Mouse pathogenesis and ocular tropism experiments

Female BALB/c mice (Charles River Laboratories, Wilmington, MA), 8–12 weeks of age, were inoculated i.n. with 105 PFU of CA/04 or D222G virus in a 50 µl volume as previously described [33]. Ocular infection of mice with CA/04 and D222G viruses was performed as previously described using 105 PFU in a 5 µl volume [34]. Five mice per group were monitored daily for 14 days p.i. for morbidity, as measured by body weight, and mortality. Any mouse which lost >25% of its pre-inoculation body weight was euthanatized. Three mice per group were euthanatized on days 3 and 6 p.i., and eye, nose, intestine, and lung tissues were collected to determine replication and systemic spread of virus. Tissues were homogenized in 1 ml of cold PBS, and clarified homogenates were titrated by standard plaque assay. Statistical significance for these and all experiments was determined using Student's t test.

In vitro replication kinetics

The bronchial epithelial cell line Calu-3 (ATCC, Manassas, VA) was cultured on membrane inserts and infected apically as previously described [49]. Primary human corneal epithelial cells (HCEpiC) were obtained from ScienCell (San Diego, CA) at passage 1 and were prepared for virus infection as described previously [34]. Primary human lung blood microvascular endothelial cells (HMVEC-LBI) were obtained from Lonza (Walkersville, MD) and cultured with Endothelial Cell Basal Medium-2 (Lonza) (Zeng et al, in preparation). Virus was added to Calu-3, HCEpiC, or HMVEC-LBI monolayers at a multiplicity of infection (MOI) of 0.01 for one hour before washing. Cell type specific serum-free media was added to all wells with the addition of 300 µg/L N-p-tosyl-L-phenylalanine chloromethyl ketone-treated (TPCK) trypsin (Sigma-Aldrich, St. Louis, MO) in cultures using primary human cells. Aliquots of culture supernatant taken post-infection (p.i.) from triplicate cultures were immediately frozen at −80°C until titrated for the presence of infectious virus by standard plaque assay.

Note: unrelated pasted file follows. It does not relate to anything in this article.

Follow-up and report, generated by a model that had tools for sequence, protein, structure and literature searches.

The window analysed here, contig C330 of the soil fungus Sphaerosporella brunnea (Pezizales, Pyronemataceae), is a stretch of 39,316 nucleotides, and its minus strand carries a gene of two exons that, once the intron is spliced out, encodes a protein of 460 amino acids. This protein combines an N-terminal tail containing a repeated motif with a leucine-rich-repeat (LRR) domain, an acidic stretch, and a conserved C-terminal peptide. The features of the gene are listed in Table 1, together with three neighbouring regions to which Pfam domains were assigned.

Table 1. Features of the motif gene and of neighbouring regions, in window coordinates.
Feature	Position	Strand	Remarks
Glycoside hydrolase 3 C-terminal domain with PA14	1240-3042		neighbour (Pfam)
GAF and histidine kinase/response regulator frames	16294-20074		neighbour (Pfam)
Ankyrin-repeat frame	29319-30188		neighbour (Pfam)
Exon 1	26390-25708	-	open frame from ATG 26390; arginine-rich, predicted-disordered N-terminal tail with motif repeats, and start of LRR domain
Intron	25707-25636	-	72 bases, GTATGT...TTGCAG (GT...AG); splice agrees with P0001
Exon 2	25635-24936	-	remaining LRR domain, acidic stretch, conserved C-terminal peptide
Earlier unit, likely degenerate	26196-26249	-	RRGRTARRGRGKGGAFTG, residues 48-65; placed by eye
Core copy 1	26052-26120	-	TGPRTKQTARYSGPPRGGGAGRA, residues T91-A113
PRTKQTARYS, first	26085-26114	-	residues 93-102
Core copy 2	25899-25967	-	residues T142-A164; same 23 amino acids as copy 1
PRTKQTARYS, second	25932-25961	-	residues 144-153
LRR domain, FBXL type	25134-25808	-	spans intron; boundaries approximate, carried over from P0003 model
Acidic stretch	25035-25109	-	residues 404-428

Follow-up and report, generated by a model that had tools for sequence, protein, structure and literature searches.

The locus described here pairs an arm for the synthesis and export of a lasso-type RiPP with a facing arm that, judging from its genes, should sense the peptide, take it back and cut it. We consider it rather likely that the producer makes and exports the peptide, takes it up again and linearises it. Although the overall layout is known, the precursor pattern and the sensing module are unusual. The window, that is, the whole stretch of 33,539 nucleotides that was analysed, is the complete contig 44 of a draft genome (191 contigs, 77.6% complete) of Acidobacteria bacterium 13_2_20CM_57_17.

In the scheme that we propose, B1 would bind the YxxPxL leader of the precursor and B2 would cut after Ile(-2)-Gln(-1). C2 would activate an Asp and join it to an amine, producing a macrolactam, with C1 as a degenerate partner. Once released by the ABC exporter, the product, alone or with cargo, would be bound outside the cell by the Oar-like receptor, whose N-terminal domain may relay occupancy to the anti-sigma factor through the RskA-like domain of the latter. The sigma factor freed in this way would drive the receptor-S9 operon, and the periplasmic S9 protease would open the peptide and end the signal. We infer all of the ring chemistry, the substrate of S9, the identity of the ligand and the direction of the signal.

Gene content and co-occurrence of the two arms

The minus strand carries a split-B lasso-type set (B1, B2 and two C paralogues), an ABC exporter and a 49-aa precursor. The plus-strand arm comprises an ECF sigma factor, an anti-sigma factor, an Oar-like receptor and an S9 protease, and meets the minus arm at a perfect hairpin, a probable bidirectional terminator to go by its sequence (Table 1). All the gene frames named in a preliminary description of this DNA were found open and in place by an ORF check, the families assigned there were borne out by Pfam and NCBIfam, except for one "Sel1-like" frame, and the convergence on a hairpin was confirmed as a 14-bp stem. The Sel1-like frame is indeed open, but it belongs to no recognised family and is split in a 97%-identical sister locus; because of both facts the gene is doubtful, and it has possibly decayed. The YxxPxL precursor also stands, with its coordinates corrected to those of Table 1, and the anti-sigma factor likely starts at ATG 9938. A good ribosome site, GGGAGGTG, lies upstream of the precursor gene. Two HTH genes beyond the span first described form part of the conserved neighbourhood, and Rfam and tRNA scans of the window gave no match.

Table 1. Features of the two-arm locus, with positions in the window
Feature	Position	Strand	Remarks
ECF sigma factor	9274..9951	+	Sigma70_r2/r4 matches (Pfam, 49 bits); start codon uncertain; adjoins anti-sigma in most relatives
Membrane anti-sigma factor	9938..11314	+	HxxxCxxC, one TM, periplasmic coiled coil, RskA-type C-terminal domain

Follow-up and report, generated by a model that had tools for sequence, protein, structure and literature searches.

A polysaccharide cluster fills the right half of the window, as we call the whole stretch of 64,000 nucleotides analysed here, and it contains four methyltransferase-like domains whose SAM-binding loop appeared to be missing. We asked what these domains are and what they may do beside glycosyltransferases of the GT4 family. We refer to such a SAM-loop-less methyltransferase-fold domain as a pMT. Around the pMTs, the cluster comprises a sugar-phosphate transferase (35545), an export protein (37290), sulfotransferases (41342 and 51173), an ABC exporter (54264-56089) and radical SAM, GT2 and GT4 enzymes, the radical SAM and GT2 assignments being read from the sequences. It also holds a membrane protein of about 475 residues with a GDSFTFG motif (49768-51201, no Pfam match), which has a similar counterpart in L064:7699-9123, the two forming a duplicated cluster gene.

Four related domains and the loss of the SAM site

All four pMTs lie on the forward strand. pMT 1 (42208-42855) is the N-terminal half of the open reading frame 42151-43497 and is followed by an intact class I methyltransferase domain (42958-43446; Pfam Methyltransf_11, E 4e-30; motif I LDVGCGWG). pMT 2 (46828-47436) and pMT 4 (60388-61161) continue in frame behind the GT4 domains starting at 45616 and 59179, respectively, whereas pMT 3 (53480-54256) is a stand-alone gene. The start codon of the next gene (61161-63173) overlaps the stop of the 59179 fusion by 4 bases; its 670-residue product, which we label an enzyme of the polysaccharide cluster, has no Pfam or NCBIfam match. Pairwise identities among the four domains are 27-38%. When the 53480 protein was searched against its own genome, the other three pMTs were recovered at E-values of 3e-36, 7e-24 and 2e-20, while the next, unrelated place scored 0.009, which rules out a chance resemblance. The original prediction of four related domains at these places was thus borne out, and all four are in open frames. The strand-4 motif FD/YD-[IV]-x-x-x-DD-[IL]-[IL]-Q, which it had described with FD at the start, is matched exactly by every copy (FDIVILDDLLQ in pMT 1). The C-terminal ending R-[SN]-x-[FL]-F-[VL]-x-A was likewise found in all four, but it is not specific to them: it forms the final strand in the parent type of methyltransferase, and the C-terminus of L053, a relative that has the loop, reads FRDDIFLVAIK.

Ethics Statement

All animal research described in this study was specifically approved by CDC's Institutional Animal care and Use Committee (IACUC). The animal research was conducted under the guidance of CDC's IACUC and in an Association for Assessment and Accreditation of Laboratory Animal Care International-accredited facility.

Supporting Information

Table S1

Expanded nomenclature of glycans used in the glycan array. a Neu5Ac: N-acetyl D-neuraminic acid; Gal: D-galatose; GlcNAc: N-acetyl D-glucosamine. α/β: anomeric configuration of the pyranose sugars. All the sugars are linked via a spacer to biotin (-Sp-LC-LC-Biotin as described in



The findings and conclusions in this report are those of the authors and do not necessarily reflect the views of the funding agency.


Competing Interests: The authors have declared that no competing interests exist.

Funding: The source of funding for this work was the Centers for Disease Control and Prevention. This work was funded in part by a merit award to RS (R37 GM057073-13) from the National Institutes of Health and the Singapore-MIT Alliance for Research and Technology. The authors acknowledge the Consortium for Functional Glycomics for providing the glycan standards. No additional external funding was received for this study. The funders had no role in study design, data collection and analysis, decision to publish, or preparation of the manuscript.